The Stasi Poetry Circle review – East Germany’s unsettling war with words

Philip Oltermann’s account of how the Stasi decided to use poems as a means of fighting capitalism is fascinating, strange and troubling

The folk singer Woody Guthrie famously scrawled “This machine kills fascists” on his acoustic guitar. Such dramatic sloganeering is the privilege of youth and a grand illusion; with age comes acceptance that music – art in general – carries no serious threat. Or does it? In the 1980s, the Stasi, East Germany’s much-feared secret police, decided that the best way to fight the creep of capitalism was not with bombs and rockets but with a stealth weapon of unstable potential: poetry.

Philip Oltermann’s engrossing The Stasi Poetry Circle recounts a history so outlandish and unlikely that you feel it must be true. The author was inspired to investigate after running his own poetry group for pensioners at a day centre in London’s King’s Cross . How had a brutal spy agency alighted on poetry, “this vaguest of disciplines”, as a tool for training its employees? His research brings him into contact with soldiers and border guards who attended monthly meetings of “writing Chekists” at the Adlershof compound, a place so secret it didn’t even feature on a map of Berlin. Here, they would mull over the finer points of verse while bearing in mind the writer Friedrich Wolf’s stern credo: “The material of our age lies in front of us, hard as iron. Poets are working to forge it into a weapon. The worker has to pick up this weapon.” You can almost hear the sound of pens being chewed.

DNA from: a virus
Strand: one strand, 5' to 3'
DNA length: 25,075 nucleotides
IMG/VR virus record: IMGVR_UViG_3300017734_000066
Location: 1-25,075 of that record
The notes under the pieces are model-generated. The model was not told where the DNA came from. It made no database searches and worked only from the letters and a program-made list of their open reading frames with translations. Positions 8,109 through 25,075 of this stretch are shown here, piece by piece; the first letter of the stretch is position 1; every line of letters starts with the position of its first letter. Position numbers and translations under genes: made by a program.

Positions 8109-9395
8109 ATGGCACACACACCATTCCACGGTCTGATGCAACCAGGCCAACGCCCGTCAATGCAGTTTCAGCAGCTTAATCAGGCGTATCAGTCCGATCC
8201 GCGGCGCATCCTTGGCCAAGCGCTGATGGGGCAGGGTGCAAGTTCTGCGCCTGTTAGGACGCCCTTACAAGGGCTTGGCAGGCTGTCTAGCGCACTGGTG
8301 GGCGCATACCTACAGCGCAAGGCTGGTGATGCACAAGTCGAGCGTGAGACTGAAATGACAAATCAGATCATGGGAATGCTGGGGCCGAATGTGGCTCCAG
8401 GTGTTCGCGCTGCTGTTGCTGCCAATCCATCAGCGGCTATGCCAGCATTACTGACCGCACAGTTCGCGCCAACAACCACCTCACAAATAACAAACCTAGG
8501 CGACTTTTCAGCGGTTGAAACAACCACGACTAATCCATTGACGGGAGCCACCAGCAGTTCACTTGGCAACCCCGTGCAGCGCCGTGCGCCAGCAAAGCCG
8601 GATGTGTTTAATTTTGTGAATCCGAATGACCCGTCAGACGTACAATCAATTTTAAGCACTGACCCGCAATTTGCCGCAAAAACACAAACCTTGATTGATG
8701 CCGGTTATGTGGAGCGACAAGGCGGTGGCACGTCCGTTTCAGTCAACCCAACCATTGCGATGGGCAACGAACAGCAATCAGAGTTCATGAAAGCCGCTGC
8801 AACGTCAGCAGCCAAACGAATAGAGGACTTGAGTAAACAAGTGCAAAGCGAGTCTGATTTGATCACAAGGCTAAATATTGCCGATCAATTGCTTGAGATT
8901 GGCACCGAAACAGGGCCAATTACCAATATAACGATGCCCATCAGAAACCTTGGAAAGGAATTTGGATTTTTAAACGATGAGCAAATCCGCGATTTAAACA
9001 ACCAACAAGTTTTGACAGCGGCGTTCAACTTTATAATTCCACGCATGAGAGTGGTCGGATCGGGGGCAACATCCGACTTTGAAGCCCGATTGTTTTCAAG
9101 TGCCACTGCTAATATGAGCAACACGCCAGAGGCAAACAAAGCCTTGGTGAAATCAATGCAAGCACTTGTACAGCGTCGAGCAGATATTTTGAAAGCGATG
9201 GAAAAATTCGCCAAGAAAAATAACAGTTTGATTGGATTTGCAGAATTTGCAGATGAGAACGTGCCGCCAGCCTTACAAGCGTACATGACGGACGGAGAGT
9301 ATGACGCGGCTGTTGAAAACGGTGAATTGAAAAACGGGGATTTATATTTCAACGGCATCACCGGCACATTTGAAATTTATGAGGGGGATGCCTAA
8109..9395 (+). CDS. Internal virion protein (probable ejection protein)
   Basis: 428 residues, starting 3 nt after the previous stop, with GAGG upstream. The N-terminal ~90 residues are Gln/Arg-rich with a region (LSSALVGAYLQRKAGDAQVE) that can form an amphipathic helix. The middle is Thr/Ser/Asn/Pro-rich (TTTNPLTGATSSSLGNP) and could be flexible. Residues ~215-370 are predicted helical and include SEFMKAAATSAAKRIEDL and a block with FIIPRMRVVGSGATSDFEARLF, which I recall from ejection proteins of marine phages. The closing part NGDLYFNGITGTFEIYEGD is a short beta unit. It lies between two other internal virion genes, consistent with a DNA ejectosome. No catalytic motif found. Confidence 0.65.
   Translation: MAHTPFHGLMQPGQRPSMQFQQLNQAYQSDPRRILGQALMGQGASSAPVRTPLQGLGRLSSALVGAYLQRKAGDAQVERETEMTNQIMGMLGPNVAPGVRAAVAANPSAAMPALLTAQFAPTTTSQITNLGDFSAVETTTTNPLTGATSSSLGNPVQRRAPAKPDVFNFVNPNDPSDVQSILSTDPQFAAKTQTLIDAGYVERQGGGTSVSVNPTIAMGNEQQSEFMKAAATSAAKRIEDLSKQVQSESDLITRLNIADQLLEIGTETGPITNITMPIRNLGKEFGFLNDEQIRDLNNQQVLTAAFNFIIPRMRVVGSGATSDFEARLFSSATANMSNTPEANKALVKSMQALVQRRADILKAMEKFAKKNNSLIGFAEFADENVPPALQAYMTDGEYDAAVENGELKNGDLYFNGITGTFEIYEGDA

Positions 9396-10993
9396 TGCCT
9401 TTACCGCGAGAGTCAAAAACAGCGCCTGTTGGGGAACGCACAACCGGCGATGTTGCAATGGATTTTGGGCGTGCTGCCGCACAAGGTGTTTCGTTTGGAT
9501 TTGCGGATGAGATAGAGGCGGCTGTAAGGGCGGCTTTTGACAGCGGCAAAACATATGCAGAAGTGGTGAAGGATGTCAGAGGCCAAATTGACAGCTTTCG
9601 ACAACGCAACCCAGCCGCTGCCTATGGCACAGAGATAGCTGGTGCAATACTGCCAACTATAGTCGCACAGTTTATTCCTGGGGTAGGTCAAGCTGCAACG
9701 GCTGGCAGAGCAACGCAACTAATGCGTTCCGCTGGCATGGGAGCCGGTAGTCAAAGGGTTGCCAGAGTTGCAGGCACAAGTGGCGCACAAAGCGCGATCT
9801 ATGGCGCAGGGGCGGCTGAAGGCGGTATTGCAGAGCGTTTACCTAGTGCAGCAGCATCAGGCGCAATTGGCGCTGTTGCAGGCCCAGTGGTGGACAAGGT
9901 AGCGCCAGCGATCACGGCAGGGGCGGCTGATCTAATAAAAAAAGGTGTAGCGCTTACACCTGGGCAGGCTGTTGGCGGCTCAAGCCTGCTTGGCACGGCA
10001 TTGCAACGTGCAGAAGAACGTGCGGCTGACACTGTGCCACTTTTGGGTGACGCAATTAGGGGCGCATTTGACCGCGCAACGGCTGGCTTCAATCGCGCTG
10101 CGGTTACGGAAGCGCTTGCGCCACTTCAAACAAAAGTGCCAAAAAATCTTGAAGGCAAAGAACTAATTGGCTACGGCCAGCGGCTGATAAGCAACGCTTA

Continue reading...


Bad Relations by Cressida Connolly review – deaths in the family

Spanning three generations, from the battlefields of Crimea to a Cornish farm in the 1970s, this nov...

Read More >

Circus of Dreams by John Walsh review – a 1980s literary love-in

The former Sunday Times journalist can’t contain his self-satisfaction in a humorous, passionate ac...

Read More >

Two Hitlers and a Marilyn by Adam Andrusier review – memoir of a driven autograph hunter

Andrusier’s book puts a singular spin on the cult of celebrity and its allure for a suburban boy in...

Read More >

The Broken House by Horst Krüger review – the book that broke the silence

The rediscovery of Krüger’s fearless memoir, first published in 1966, reveals painful truths about ...

Read More >

Henry 'Chips' Channon: The Diaries 1918-38 review – priceless interwar gossip

Editor Simon Heffer brings us the first, sensationally unexpurgated volume of the musings of the Chi...

Read More >

Ghost Town by Jeff Young review – a book of beauty and longing

The lecturer and playwright revisits the Liverpool streets of his youth in this Costa prize-shortlis...

Read More >